Yesterday I wrote about the new animal relief areas in airports. I hope that the added comforts don’t entice more pet owners to take their pooches on airplanes for leisure trips. 

In the first ten months of 2015, 29 pets died while many others were injured or even lost by the airlines. A former airline employee says: “My expert advice: do not fly pets unless it’s an emergency!”

Pets are often injured because they are frantic and hurt themselves trying to escape. Deaths occur from heat strokes or suffocation. Others break out on the tarmac and are hit by vehicles. It is an ugly list. 

Obviously those flying with their animals place great importance on them to incur the expense of air travel. And while 29/2,000,000 is only a mere fraction, if one of the 29 was your beloved pooch it would be little solace.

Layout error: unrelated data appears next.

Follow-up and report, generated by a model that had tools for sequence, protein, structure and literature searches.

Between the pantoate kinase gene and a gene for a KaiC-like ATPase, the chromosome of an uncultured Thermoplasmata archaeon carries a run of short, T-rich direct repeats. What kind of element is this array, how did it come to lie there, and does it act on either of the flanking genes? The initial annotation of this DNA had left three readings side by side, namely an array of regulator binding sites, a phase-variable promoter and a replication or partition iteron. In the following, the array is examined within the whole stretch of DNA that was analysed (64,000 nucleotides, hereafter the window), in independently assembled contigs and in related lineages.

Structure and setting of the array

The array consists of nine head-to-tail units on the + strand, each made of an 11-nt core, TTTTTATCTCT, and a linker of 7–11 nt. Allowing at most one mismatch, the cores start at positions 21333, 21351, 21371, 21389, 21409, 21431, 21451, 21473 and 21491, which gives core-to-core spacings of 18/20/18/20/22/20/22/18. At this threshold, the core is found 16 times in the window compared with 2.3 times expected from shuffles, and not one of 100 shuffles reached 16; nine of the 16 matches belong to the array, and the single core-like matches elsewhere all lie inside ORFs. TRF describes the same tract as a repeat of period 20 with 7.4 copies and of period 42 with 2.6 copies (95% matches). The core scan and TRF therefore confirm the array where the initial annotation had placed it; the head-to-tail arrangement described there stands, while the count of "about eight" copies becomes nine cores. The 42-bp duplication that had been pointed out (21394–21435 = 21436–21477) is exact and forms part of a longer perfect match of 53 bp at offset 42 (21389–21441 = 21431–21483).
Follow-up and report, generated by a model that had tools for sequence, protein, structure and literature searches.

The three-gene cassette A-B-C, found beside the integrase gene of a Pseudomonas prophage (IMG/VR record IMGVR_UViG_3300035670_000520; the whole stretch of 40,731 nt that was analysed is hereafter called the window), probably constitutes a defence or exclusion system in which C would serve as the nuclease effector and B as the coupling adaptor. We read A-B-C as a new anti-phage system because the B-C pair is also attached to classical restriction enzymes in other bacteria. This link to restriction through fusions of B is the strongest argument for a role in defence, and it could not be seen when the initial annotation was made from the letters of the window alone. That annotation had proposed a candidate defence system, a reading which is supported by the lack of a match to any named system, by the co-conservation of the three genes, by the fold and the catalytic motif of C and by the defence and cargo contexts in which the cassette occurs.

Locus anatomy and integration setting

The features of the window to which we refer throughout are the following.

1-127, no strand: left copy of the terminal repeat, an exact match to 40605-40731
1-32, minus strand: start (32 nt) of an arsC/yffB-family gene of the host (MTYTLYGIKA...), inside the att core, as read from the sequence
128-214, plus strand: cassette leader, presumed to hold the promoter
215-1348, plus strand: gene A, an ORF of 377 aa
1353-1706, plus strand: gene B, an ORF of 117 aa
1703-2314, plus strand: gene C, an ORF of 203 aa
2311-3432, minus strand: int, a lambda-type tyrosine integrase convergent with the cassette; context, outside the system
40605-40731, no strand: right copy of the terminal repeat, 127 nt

The dilemma has no easy answers. Passengers want to fly their pets, and some have no driving alternatives. Airlines are not equipped to handle them without incident, so they struggle with procedures and keep 1,999,971 alive, but it is not enough.

What in your organization poses a similar challenge? Where is the cost of failure too high, even if by percentage it is low? You may be doing the majority of things right, but in select situations your goals need to fly higher.

beth triplett

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